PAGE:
Awesometrics gave a number of examples, such as actor Ringgo Agus Rahman who charged Rp 5 million per message on Twitter to promote a campaign to his 1.7 million followers, while professional corporate worker Henry Manampiring could charge between Rp 5 million and Rp 15 million to “buzz” his 70,000-plus followers.
The comparison clearly showed that users with larger amounts of followers did not always receive higher prices for a “buzz”.
Hari said political parties and politicians who wished to use buzzers had to consider four other factors: the Twitter user’s potential reach, reputation, usual topics and engagement with their followers.
This is a post I wrote in Maverick’s blog about us winning the Agency of the Year award for the third year running.
Satisfied is a word that comes to mind. But also paranoid because I’d sure like to see us retain that title for the next few years coming, as well as winning other awards. There’s just no pleasing some people.
On being MIX’s Agency of the Year – for the 3rd year running
We are delighted to read the October edition of marketing communications MIX, in which Maverick was named Agency of the Year 2013 – for the third year running.
Journalists were polled by the magazine and asked which PR firm they thought had the best media relations. They apparently voted for Maverick for the third year running, so although we think that PR is much, much more than just media relations and that we are more of a consultancy rather than an agency, we are still pleased by the verdict.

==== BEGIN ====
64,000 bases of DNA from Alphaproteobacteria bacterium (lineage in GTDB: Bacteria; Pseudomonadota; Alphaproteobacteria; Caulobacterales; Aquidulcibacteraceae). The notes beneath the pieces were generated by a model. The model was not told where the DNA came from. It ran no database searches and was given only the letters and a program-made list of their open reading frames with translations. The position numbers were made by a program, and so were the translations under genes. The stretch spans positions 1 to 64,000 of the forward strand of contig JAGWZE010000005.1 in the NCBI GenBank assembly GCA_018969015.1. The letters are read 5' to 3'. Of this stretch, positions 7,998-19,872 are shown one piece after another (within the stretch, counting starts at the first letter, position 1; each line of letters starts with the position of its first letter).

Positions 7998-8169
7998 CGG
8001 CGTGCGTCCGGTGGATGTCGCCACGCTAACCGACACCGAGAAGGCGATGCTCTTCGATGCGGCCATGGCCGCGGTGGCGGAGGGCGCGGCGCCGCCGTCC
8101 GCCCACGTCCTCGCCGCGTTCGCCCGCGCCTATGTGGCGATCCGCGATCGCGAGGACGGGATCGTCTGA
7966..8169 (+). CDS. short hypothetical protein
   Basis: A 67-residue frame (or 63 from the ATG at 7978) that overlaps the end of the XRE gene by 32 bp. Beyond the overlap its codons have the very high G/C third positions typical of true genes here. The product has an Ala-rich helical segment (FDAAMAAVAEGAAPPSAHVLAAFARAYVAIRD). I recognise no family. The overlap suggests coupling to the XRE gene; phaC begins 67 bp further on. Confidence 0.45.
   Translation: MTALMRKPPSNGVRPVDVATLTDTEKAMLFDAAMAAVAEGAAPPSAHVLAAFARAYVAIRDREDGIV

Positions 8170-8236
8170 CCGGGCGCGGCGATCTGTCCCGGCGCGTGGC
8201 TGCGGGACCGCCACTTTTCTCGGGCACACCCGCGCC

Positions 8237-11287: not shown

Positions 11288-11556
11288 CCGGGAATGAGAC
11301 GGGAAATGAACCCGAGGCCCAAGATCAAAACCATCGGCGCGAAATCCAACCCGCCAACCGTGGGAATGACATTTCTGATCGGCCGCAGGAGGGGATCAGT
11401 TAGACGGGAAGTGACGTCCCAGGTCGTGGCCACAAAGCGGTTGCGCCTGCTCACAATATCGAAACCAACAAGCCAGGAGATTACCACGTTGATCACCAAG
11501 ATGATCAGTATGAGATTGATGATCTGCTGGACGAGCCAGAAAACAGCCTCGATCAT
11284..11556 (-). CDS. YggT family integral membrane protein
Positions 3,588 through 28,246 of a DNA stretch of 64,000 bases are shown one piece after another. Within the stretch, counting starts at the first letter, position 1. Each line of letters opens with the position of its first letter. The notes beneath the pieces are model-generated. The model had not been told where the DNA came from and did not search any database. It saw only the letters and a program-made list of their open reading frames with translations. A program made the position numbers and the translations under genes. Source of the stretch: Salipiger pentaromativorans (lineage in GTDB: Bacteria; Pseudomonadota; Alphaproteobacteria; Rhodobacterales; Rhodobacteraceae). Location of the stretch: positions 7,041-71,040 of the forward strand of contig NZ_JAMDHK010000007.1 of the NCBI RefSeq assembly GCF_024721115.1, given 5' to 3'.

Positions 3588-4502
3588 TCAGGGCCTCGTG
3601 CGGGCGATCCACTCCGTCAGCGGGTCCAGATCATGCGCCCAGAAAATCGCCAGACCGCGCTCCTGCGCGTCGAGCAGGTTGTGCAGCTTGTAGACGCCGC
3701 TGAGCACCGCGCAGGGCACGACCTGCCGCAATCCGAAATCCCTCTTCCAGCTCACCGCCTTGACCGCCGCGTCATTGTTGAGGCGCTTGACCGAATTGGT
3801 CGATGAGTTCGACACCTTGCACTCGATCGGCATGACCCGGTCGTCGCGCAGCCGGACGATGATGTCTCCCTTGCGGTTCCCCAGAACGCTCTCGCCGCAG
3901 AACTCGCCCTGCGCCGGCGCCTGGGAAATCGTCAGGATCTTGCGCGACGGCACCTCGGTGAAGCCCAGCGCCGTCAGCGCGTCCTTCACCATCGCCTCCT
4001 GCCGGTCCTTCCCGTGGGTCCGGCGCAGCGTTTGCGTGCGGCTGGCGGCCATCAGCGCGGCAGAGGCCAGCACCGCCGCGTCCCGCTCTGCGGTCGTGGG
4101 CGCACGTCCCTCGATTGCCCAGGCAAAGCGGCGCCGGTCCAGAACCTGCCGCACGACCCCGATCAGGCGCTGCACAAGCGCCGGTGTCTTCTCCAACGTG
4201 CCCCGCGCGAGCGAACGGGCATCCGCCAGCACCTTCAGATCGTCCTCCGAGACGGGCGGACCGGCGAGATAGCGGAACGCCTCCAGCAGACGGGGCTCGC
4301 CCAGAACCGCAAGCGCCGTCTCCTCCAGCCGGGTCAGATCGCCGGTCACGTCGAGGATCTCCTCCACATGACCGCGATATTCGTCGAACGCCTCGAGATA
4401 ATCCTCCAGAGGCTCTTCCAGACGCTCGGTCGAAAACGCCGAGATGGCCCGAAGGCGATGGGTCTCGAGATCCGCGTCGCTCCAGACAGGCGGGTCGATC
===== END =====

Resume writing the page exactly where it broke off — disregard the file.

This recognition is important to us because it means that one of our most important “customers” thinks highly of us (the other is the client, who usually vote with their check books and we’ve been fortunate in that area as well). To have journalists giving us the thumbs up on how PR people should deal with them is a rare endorsement as journalists are one hard crowd to please.
As a partner in Maverick I was interviewed by the magazine as a prelude to their announcement of the award. I was asked how Maverick could consistently be at the top of the media relations game for three years running and I told them that there was no big secret to media relations. All we had to do is adopt a customer service mentality when it comes to dealing with journalists. We need to understand what they want, when they want it and how best to give it to them.
Journalists don’t want spin and they despise PR people who go to them with a begging bowl instead of a strong, newsworthy story . And they usually want the information now, or as early as possible before their deadline. So what all the Mavericks are trained to do is to work with our clients so that they have a great story to tell instead of the usual corporate pabulum that their executives are so fond of. We also, using all our skills as consultants, remind, cajole and sometimes push our clients to meet the deadlines.
The tricky part is to have a team of colleagues that understand this and work relentless to super-please the journalist-customer. In this we are very fortunate to work with a great team of consultants who are probably the best customer service professionals on top of their communications and specialised skills. So a shoutout to the Mavbros and Mavchicks, as they like to call themselves, in the Corporate and Marketing Communications practices as well as the specialists in Digital, Research and Monitoring, Design, Community Engagement, Training and, of course, Media Relations.
And a big thank you journalist friends for voting us Agency of the Year once again. We’ll continue to try our best in serving you together with our clients.